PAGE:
PHL LITERATURE ICON ALEJANDRO R. ROCES PASSED AWAY AT 85

MANILA, MAY 25, 2011 (STAR)
By Rosalinda Orosa - Alejandro R. Roces, National Artist for Literature and STAR columnist, passed away yesterday morning at the Makati Medical Center due to complications from pneumonia. He would have been 85 this July.

Roces served as education secretary under President Diosdado Macapagal. During his tenure he had suggested to Macapagal to move the celebration of Philippine Independence Day from July 4 to June 12, which has since been followed. It was also Education Secretary Roces who recovered the stolen original manuscripts of Rizal’s NoliMe Tangere and El Filibusterismo.

Another feather in Roces’ nationalistic cap was his having the aluminum steel pylon behind the Rizal monument at the Luneta removed, the pylon having made Rizal appear like a midget.

As education secretary, Roces served as “tourist guide” to visiting heads of state: German President Henrik Lubke, Mexican President Adolfo Lopez Mateos, Indonesian President Sukarno, Japanese Prime Minister Akihito, Dutch Princess Beatrix, et al. Being a fount of facts, folklore and fiction, and a “walking encyclopedia” of curious information about our country, Roces was an extraordinary guide.

Roces was a celebrated writer of prize-winning short stories on cockfighting, though he privately confessed he had never been to a cockpit! A few years ago, a zarzuela “Something to Crow About,” based on his short stories, was presented in some US cities with singular success under the initiative of eminent cultural personality Cecile Guidote Alvarez who incorporated Leonor Orosa Goquinco’s choreographed cockfight into the zarzuela. Gracious and generous in spirit, Roces had declared that Leonor encompassed more artistic disciplines than any other national artist.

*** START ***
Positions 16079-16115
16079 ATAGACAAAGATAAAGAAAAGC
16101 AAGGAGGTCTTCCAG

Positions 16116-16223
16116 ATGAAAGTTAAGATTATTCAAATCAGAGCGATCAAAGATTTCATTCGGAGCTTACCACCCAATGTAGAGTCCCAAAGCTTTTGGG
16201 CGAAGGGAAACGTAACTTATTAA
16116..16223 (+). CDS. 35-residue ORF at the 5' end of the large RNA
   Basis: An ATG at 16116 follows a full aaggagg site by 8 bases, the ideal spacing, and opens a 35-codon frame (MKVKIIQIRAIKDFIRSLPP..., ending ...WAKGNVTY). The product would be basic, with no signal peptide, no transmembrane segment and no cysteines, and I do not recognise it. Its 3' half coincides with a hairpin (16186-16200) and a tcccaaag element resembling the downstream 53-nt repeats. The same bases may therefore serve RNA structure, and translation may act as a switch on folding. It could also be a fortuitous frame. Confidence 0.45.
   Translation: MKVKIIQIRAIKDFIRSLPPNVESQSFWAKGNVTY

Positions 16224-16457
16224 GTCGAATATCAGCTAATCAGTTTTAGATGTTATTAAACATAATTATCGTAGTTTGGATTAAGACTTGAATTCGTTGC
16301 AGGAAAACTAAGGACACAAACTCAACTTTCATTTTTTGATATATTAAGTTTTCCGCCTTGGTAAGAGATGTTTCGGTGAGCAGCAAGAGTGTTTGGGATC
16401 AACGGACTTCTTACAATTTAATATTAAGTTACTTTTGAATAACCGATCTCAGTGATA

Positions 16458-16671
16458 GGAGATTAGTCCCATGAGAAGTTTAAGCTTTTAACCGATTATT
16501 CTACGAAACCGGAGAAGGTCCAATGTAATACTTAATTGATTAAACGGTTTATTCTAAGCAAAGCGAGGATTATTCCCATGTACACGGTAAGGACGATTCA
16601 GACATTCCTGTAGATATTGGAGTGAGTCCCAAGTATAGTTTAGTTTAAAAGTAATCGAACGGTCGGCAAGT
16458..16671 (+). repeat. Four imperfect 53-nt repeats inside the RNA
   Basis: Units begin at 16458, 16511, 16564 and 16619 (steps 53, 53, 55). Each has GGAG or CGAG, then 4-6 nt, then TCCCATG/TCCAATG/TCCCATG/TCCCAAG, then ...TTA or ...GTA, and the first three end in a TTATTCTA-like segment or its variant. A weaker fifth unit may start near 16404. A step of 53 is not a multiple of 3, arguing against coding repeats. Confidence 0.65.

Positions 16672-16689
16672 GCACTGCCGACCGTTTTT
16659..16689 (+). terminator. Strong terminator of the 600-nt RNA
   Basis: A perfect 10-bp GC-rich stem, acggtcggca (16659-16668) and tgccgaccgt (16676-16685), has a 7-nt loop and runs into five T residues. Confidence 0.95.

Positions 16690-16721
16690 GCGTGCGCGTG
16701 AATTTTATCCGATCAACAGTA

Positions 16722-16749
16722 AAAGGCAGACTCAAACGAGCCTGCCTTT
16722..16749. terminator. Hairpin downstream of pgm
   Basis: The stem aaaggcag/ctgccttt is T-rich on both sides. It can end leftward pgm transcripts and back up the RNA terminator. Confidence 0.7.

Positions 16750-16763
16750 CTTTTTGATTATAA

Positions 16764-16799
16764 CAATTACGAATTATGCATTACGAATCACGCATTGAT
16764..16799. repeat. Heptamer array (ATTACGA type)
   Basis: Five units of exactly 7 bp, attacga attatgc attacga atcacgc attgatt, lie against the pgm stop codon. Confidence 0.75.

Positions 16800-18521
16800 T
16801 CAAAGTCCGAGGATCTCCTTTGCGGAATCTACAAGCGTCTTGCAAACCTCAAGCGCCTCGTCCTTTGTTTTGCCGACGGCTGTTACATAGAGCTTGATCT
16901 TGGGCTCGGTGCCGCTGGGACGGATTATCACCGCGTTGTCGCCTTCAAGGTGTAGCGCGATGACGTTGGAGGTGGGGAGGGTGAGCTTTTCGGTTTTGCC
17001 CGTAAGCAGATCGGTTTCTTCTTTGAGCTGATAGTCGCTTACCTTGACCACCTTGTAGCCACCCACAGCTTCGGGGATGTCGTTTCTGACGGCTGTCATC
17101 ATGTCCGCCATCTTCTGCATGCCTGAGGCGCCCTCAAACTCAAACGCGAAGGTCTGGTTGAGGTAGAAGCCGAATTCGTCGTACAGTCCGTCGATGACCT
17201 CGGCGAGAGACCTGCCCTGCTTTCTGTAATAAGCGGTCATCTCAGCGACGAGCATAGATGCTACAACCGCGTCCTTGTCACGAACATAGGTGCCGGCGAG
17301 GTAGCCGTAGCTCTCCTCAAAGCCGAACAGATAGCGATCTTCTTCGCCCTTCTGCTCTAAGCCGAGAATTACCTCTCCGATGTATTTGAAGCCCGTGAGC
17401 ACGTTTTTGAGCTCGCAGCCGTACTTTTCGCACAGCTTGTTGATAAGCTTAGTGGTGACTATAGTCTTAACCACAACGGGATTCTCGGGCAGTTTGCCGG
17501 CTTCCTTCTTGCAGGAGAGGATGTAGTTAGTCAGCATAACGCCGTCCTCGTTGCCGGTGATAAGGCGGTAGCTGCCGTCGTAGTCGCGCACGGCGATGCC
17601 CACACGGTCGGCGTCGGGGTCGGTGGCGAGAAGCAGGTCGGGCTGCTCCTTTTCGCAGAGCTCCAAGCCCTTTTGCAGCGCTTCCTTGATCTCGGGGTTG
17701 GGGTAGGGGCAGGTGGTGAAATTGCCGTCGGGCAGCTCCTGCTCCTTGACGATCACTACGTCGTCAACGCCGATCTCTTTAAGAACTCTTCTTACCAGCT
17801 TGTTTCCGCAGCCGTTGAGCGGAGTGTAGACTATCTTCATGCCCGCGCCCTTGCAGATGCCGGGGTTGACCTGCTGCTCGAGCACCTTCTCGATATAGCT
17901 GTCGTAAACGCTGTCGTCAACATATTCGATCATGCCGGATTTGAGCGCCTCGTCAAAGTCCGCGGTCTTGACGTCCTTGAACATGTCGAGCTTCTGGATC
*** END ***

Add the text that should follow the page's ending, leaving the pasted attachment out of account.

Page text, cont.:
Roces is particularly admired for his epic “Fiesta” coffeetable books which encapsulate national and regional fiestas throughout the country, rediscovering the rituals of the Moriones of Marinduque, the Tagbanuas of Palawan, the Negritos ad other tribes.

A first-rate raconteur noted for his wit and humor, Roces was a Manila Chronicle columnist during the pre-martial law days, the post-EDSA editor-columnist of Manila Times, and a STAR columnist until his demise.

He is survived by a daughter Lizzie, and Australia-based brother, the visual artist-writer Alfredo.

A formal program honoring Alejandro R. Roces as a National Artist in Literature will be held at the CCP main theater, after which he will be given a state burial at the Libingan ng mga Bayani. Details will be announced later.

Meanwhile, the Department of Education (DepEd) joined the country in mourning the demise of former secretary Roces, whom it proclaimed as one of the pillars of Philippine education.

“The Department of Education mourns the loss of one of the pillars of Philippine education,” DepEd said in a statement.

“Dr. Roces served as the father of DepEd for more than 3 years, from 1962 to 1965, pursuing a drive against sub-standard schools while highlighting the Filipino culture and promoting our national identity,” DepEd said.

“His great contribution to education will forever be treasured.” – with Rainier Allan Ronda


Chief News Editor: Sol Jose Vanzi

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